Brendan Harris

Senior Dylan Stone (left) and junior Annan Gurung (right) are on the esports team.

Baldwin’s new esports team ready to level up

Junior Annan Gurung is a member of a Baldwin sports team, but his position isn’t found on the field. It’s in one of the gaming chairs in Baldwin’s esports lab.

“Esports has always been an interest of mine, and I never had access to really good gaming equipment at home. So this was the solution. I can gain extracurricular (experience) while doing something I genuinely enjoy,” Gurung said.

The new Baldwin esports team is coached by the school’s IT technician, Nathan Elias, who took on the position to give kids new opportunities.

“Esports helps them build teamwork and gets them doing something competitive, which I think is beneficial. Competitive games helped shape me in my younger life. There’s also scholarship potential,” Elias said. 

The team will function similarly to other sports teams. There will be a JV and a varsity team, and the players will receive uniforms, compete against other schools, and have scheduled practices.

As of now, Rocket League and Valorant are the two esports games that students will compete in, but that may change in the future. Esports is both a fall and a spring sport, and there are separate tournaments and games for each season.

Baldwin’s Rocket League team has six players and the Valorant team has eight players. The teams are co-ed, welcoming all gaming enthusiasts to show their skills.

The Highlanders will compete in the Pennsylvania Interscholastic Esports Association (PIEA), which includes many schools from around the state.

“We will go against schools like Thomas Jefferson, Avonworth, and Shady Side Academy. The league is statewide, so we could end up playing schools that aren’t really close to us,” Elias said.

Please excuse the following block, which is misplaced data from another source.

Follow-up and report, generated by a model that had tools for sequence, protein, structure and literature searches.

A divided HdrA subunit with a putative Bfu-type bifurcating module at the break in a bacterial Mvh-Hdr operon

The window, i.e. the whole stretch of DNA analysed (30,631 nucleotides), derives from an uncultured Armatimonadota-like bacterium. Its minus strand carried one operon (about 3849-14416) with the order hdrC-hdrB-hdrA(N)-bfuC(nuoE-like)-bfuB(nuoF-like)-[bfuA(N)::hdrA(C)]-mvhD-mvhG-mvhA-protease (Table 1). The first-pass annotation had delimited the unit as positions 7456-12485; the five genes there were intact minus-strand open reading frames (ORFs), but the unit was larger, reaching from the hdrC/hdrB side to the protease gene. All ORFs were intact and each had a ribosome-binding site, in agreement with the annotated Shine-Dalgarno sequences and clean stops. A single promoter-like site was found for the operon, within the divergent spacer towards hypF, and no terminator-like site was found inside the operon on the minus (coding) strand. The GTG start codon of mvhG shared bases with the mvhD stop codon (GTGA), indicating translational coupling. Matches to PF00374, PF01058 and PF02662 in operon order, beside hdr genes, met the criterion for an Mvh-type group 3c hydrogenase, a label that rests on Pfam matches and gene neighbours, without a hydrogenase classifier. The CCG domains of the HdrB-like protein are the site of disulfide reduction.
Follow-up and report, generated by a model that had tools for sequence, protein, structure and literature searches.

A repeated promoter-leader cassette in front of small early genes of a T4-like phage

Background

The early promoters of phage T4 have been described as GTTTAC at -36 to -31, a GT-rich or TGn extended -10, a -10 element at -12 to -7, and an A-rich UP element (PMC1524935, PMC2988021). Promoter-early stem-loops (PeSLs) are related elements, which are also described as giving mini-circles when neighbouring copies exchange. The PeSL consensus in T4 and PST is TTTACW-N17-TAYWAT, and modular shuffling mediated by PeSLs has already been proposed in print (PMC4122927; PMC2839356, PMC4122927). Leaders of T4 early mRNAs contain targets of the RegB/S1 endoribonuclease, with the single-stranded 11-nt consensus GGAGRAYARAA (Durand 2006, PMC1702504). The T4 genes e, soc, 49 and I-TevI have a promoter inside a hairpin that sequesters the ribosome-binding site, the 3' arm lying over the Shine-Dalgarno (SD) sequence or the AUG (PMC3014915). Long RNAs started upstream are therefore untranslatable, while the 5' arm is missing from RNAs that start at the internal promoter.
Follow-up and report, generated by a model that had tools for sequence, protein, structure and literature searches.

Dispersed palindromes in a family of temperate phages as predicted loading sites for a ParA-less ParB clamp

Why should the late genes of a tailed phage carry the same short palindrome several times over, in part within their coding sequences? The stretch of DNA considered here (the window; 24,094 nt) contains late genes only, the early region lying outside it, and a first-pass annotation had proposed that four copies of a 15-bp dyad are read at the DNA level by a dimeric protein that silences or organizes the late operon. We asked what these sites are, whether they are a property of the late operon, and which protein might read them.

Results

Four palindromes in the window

Each game will also have playoffs that will include a final championship game.

“The Rocket League finals are in Pittsburgh, and the Valorant finals are in Philadelphia,” Elias said.

For the most part, though, the team will be competing from the new esports lab in the school tech office. 

Elias is confident that bringing esports to Baldwin will set an example for other schools to follow. 

“I think that this is increasingly growing across the country. I also think there will be an appetite for schools to offer these programs, especially because it serves a community of kids who maybe didn’t have a club sport they wanted to do before,” Elias said.

Senior Arcangeli Austria, a member of the Valorant team and currently Baldwin’s only female esports player, has a similar view.

“Yes, I think there’s a big future for esports. There are a lot of kids who play video games for fun and some of them are really good at it. That could lead to scholarships or other routes that shape their future,” Austria said.

Senior Dylan Stone, a player on the Rocket League team, thinks that people underestimate the skill required for these competitions.

“Competitive gaming takes a lot of effort and it can be pretty frustrating sometimes. In pretty much all of the big esports, it’s a lot harder than what people think it is to become a pro,” Stone said.

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